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In What Ways Does John Of Gaunt's Speech From Act 2 Scene 1 Develop Your Understanding Of Both His Character And His Place In The Play's Consideration Of "England And "Englishness"?

1054 words - 5 pages

The monologue of John of Gaunt delves into the perilous nature of unfettered autocracy. Gaunt proclaims that King Richard should relinquish his crown because he has figuratively raped "mother" England by exploiting the loyalty of his subjects and debasing the grandeur of "this blessed plot" for his own personal glory. The speech enables the reader to look into the character of Gaunt and his relationship with Richard. The central symbolic image centres around England and the relationship between England and the kings and thus gives us much to think about with regard to this issue.The first section of the monologue deals with the nature of Richard's vices. The staccato like verbal rhythm ...view middle of the document...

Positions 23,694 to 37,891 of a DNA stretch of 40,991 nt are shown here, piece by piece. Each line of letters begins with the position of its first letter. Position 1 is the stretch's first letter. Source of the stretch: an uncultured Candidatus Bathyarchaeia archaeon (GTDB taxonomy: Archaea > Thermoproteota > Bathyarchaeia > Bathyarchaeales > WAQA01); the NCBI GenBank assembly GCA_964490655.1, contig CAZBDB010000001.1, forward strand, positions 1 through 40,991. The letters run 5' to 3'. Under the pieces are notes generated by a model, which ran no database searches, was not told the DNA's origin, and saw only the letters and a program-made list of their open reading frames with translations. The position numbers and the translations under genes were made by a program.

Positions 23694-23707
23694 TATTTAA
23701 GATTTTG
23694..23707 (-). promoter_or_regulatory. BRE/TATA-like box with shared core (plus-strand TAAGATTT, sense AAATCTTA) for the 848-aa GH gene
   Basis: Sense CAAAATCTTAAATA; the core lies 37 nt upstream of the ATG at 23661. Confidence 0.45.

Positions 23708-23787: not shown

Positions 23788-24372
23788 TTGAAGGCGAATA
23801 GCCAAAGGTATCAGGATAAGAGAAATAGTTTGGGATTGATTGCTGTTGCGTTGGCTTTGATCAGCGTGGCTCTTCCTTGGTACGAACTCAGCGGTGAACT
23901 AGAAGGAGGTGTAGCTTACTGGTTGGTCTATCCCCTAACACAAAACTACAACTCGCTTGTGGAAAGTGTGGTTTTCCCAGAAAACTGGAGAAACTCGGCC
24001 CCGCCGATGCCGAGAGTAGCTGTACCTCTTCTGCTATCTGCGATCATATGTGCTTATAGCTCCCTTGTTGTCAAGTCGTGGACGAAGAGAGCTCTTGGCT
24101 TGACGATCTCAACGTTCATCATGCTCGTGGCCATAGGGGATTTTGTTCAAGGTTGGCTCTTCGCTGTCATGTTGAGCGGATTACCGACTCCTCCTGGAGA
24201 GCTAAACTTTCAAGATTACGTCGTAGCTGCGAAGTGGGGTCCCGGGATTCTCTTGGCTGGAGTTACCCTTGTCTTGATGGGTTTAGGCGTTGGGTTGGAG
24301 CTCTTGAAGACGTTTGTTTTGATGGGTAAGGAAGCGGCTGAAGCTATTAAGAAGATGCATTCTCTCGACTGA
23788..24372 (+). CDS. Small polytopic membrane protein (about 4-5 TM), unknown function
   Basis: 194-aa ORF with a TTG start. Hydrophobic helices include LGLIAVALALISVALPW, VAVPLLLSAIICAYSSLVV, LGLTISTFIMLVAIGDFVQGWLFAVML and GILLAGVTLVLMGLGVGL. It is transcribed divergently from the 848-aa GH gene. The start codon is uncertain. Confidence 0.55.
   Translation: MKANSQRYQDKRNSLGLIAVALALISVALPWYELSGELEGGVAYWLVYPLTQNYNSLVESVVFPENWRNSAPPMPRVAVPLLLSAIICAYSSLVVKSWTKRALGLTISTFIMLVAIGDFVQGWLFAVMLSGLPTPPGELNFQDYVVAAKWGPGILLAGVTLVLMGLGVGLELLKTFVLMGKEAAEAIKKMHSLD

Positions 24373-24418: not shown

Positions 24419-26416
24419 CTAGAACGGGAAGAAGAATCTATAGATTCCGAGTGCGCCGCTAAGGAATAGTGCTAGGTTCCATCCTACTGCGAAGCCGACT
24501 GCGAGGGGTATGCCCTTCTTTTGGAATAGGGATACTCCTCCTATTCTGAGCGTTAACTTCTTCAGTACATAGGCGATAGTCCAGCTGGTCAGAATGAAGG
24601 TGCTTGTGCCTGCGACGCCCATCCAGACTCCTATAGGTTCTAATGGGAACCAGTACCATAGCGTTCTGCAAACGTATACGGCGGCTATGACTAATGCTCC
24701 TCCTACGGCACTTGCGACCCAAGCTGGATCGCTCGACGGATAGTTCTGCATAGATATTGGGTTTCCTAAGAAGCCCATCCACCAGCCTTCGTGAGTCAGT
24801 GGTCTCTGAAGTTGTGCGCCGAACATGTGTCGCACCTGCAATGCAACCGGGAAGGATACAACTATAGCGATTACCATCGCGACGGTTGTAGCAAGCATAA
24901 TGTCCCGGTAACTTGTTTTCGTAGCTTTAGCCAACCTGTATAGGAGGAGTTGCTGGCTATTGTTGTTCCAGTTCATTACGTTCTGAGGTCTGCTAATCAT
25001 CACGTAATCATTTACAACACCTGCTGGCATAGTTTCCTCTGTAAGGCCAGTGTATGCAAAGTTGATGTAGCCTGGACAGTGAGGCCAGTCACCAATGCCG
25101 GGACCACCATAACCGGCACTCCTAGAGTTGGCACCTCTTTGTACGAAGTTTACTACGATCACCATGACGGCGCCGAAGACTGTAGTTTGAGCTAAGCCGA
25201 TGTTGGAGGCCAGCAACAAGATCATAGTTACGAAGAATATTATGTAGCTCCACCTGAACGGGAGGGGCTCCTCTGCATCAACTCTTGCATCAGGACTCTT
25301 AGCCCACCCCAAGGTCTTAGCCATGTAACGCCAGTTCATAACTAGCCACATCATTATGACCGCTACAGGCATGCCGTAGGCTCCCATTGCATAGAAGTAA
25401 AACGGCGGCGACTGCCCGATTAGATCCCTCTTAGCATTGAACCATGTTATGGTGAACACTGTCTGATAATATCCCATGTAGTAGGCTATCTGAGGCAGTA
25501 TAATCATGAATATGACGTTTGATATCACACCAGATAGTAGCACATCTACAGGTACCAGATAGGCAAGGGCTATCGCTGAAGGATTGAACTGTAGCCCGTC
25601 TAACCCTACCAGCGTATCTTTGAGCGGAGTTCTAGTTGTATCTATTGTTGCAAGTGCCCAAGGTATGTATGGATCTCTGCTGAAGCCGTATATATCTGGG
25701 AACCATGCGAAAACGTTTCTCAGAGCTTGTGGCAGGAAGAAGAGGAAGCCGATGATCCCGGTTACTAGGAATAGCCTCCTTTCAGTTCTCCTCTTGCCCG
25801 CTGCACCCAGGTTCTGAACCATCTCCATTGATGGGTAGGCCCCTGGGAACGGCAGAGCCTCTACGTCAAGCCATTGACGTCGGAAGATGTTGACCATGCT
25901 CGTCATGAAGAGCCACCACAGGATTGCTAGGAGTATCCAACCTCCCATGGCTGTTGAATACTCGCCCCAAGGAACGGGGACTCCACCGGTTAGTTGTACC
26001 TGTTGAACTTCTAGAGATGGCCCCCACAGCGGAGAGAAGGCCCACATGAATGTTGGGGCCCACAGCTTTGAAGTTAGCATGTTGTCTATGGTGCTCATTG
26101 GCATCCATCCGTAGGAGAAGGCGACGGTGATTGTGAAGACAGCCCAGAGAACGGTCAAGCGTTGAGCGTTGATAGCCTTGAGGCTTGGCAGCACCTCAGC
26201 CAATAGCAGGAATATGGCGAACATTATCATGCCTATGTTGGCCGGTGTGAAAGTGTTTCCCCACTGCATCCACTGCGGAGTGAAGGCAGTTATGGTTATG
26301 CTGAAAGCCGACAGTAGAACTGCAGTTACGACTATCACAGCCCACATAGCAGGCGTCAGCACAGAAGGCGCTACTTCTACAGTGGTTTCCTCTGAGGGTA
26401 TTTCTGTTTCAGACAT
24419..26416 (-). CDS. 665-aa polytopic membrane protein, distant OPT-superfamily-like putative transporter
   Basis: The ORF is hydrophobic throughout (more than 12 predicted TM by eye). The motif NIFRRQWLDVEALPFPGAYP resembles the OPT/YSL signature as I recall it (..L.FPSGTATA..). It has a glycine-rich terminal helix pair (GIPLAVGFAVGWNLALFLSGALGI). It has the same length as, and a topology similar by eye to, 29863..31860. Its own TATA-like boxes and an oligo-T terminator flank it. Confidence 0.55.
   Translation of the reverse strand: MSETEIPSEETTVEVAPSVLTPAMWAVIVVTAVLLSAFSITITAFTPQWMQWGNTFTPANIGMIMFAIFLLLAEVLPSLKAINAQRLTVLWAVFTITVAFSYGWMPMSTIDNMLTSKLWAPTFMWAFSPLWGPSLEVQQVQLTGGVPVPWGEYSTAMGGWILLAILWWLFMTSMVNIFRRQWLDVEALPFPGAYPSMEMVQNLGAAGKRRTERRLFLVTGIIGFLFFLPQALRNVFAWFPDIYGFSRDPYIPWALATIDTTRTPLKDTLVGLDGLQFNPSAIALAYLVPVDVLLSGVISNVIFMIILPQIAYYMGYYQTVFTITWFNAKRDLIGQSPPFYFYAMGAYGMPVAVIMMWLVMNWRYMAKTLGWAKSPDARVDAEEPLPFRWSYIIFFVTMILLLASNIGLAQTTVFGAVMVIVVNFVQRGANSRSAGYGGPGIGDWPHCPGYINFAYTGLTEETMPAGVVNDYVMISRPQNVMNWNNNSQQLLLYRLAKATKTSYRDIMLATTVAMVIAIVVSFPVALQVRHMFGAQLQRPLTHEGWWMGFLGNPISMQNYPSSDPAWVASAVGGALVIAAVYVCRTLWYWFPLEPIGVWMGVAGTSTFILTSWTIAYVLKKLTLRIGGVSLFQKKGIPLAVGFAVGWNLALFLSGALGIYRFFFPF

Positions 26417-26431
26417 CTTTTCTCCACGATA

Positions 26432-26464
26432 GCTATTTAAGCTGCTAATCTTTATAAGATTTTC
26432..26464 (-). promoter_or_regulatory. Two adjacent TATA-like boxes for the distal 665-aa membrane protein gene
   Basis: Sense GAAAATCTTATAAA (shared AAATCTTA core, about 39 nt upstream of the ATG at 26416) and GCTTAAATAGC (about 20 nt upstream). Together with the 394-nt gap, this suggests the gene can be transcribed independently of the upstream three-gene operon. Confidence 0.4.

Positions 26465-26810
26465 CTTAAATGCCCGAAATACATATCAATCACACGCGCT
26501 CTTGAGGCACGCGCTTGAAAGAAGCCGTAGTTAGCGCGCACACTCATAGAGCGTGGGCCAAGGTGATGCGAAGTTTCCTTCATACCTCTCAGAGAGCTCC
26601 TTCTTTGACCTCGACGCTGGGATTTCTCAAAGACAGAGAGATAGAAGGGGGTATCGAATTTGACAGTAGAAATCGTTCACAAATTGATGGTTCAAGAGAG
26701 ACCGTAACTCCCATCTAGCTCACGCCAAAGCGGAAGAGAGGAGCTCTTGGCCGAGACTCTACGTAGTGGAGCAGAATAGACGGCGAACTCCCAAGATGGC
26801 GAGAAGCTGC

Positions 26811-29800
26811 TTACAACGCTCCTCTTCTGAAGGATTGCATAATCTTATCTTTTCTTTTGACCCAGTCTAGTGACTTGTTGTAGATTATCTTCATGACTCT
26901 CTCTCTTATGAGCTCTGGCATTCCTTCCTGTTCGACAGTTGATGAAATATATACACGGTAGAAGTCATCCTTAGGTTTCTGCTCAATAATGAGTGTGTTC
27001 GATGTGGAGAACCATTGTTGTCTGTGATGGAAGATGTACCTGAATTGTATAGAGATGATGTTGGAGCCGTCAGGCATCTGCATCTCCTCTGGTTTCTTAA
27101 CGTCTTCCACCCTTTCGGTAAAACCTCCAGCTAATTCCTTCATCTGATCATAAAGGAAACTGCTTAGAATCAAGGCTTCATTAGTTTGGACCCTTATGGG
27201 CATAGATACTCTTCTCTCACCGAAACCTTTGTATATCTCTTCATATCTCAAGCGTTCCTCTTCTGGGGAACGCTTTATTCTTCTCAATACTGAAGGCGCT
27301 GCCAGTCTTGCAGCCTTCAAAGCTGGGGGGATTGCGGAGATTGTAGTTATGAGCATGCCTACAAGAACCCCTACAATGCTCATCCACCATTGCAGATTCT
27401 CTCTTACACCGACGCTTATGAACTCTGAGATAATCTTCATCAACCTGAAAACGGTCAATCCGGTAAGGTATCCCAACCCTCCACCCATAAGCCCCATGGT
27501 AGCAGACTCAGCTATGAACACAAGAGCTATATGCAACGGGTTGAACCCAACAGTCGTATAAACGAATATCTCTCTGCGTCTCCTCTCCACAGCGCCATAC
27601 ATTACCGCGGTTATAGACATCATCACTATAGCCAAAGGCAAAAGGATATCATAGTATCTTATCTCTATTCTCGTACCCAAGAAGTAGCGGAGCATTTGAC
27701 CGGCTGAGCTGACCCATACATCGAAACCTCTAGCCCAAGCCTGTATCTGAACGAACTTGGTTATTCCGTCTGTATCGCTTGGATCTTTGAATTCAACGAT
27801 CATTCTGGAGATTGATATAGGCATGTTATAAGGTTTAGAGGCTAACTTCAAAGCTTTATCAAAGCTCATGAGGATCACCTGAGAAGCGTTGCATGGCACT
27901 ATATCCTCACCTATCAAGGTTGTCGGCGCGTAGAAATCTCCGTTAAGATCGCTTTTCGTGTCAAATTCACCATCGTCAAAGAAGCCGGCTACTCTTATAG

This is a fairly ambiguous line and perhaps relates to England being extremely close to heaven as an alternative sacred garden of Eden. The seclusion of England is described as being as a "fortress". This in relation to the fact of England being as an island, "This little world". It is possible to look into this further as being a relation to the "little world" of the Globe theatre where it would have been performed, the globe in relation to England and then on a larger scale the mythological world in relation to the previous point about the comparison between England and the spiritual garden of England. The relevance of the Eden parallel is that of the court influencing Rich, just as the serpent influenced Adam and Eve and thus stating the claim that a paradise such as "This demi-paradise" always has its flaws. One can read into this further as saying that Gaunt is trying to show an image of England being a microcosm of the whole world thus saying that the rest of the world is almost totally dependant on England.Gaunt also uses an element of symbolism which is also quite evident in other parts of the play. He refers to Richards "sceptred isle" which is of course the symbol of power which he uses to assert his authority in the fight between Bolingbroke and Mowbray. Gaunt asks the question of how powerful the symbols are? By placing England as a "precious stone set in the silver sea" he creates a correlation between the symbols of power and their actual representation of power. Therefore, Gaunt shows how easy it is to set oneself above mortal law.Richard failures as a king are shown as he is said to have failed to honour all of the "dear souls". His role as a pseudo landlord is shown as he has "leased out"...

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